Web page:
INTERCROPPING OF SUGARCANE
Mike Parsons and Francis Khubone
Research done as part of the Joint Project between the Department of Agriculture and Environmental Affairs and the South African Sugar Association Experiment Station (SASEX) since 1996 has shown that the intercropping of sugarcane enables cane growers to produce food, or cash crops, between the cane rows in plant cane. This Agri-Update presents the extension recommendations for the successful intercropping of sugarcane. They have been developed from the Joint Project research results. If these recommendations are followed, the cane grower should be able to produce good yields of intercrops within 3 - 5 months from planting. The crops can then be eaten, exchanged, or sold.
In order to obtain optimum cane and intercrop yields, it is essential that each crop is supplied with its own fertilizers, as identified by soil analysis. Soil samples should be analysed at SASEX, Mt Edgecombe, to determine the fertilizer recommendations for cane, and also at Cedara, to determine the fertilizer recommendations for each crop to be planted in the cane interrows.
Planting the Cane
Under dryland conditions, the best time to plant cane with food crops is in Spring, once the rains have soaked the soil (September - November). Many soils in KwaZulu-Natal will require lime to be incorporated for the benefit of the intercrops. If lime is needed, it must be broadcast onto the whole field, and ploughed in, at least 4 weeks before planting. The intercrops will need a well-prepared, weed-free seedbed, on land which has not had long-term residual cane herbicides applied within the previous 12 months.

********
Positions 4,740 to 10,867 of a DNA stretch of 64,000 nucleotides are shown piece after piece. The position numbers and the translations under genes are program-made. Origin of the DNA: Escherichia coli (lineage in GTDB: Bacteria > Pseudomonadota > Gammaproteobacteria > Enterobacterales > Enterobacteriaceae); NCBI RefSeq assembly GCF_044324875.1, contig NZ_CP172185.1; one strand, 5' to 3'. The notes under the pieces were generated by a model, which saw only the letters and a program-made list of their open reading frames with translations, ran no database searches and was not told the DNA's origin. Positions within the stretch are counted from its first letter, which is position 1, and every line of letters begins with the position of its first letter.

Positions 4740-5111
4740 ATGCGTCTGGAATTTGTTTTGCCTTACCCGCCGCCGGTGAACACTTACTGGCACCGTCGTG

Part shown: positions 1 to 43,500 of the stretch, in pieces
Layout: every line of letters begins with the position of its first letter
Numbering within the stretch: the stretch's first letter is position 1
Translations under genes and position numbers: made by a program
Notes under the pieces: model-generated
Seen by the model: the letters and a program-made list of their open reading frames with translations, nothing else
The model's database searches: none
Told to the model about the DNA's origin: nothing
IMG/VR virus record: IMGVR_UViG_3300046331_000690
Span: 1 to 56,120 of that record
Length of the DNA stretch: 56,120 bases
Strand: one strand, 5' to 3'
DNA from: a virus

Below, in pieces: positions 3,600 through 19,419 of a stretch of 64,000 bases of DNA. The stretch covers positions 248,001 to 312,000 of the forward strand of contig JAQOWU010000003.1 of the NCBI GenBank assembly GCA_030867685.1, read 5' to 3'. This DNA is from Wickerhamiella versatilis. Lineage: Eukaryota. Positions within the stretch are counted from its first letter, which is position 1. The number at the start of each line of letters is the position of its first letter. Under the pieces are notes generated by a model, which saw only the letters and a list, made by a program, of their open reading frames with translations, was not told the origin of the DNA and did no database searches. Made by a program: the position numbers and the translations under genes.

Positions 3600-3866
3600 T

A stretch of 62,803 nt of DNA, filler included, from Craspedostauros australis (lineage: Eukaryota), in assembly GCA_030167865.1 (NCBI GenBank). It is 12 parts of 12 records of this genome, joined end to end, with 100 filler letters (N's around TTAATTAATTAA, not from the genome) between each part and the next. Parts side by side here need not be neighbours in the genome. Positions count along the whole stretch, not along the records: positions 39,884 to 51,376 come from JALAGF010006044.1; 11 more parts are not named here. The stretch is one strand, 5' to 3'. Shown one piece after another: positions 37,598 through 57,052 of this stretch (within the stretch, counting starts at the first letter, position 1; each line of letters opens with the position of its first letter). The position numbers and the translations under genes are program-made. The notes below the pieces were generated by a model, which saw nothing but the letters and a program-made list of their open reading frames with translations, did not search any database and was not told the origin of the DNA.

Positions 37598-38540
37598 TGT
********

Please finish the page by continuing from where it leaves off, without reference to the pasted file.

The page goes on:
Double-stick cane setts planted in normal furrows 1.2 m apart, being covered with soil
For successful intercropping, use a minimum row width of 1.2 m to allow space for the food crops. If cane fertilizer is required, place the recommended amount into the furrow. Plant double stick cane setts, close the furrows and level off the field.
Planting the Food Crop
Immediately after closing the cane furrows, a planting furrow for the intercrop must be made in the centre of each cane interrow. The most suitable food crops for intercropping dryland plant cane are cabbages, green mielies, green beans and sweet potatoes. Only ONE row of ONE food crop should be planted in the CENTRE of each cane interrow.
Cabbages are very successful as an intercrop in cane. Plant seedlings 40 cm apart in the row in small basins, as shown in Diagram 1. The basal fertilizer should be put into the basin first, and then covered with a little soil.
The cabbage seedling plug must be planted vertically. If there is no rain, hand-water once per day, for one week.
Diagram 1. Single cabbage seedling in irrigation basin, showing plug planted vertically, the soil level with the top of the plug, and the water level below the growing point
Diagram 2. Raised ridges, made in cane interrows, for planting sweet potato. Cuttings planted 30 cm apart in the top of the ridge, with 15 cm of the stems below the soil